A plea deal is an agreement typically offered by the prosecutor in a case, in which the accused agrees to plead to a specific charge in exchange for a specific sentence. Sometimes, the prosecutor offers a lesser charge and probation in exchange for the guilty plea. The intention is to settle the case without a trial, though plea deals have their disadvantages.
There are a few reasons why a plea deal may be a bad idea:
You forfeit your right to trial
The Sixth Amendment to the Constitution protects your right to a fair trial by a jury of your peers when charged with a crime. Agreeing to a plea deal forfeits your right to trial. You plead guilty or no contest to the charge and receive your sentence without the opportunity to try your case.
You get a criminal record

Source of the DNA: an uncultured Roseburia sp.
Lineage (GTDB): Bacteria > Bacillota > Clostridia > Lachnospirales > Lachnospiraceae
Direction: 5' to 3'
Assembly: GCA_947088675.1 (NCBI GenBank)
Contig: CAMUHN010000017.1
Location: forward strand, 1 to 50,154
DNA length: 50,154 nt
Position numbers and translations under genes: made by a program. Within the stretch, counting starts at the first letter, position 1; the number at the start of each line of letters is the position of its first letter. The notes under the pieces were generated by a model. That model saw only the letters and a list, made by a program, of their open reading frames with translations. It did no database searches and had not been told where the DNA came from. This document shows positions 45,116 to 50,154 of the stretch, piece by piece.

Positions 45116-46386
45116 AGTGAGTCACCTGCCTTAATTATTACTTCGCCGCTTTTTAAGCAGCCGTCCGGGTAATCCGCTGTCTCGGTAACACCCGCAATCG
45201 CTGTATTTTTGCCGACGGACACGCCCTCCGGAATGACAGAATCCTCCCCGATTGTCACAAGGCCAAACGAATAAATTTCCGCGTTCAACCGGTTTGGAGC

Entering a guilty or no contest plea as part of a plea deal results in a criminal record. Any job or home rental application you fill out for the rest of your life may have questions about your criminal history and your conviction shows up on any criminal background check.
The judge may disagree with the agreed sentence
Sometimes the judge disagrees with the sentence agreed upon in the plea. As the judge, he or she can override that agreement once you enter your plea, so you may serve jail time instead of probation.
Plea deals have their place in the legal system but they do not work for everyone. Understand what makes them a bad idea before you decide to accept one in your case.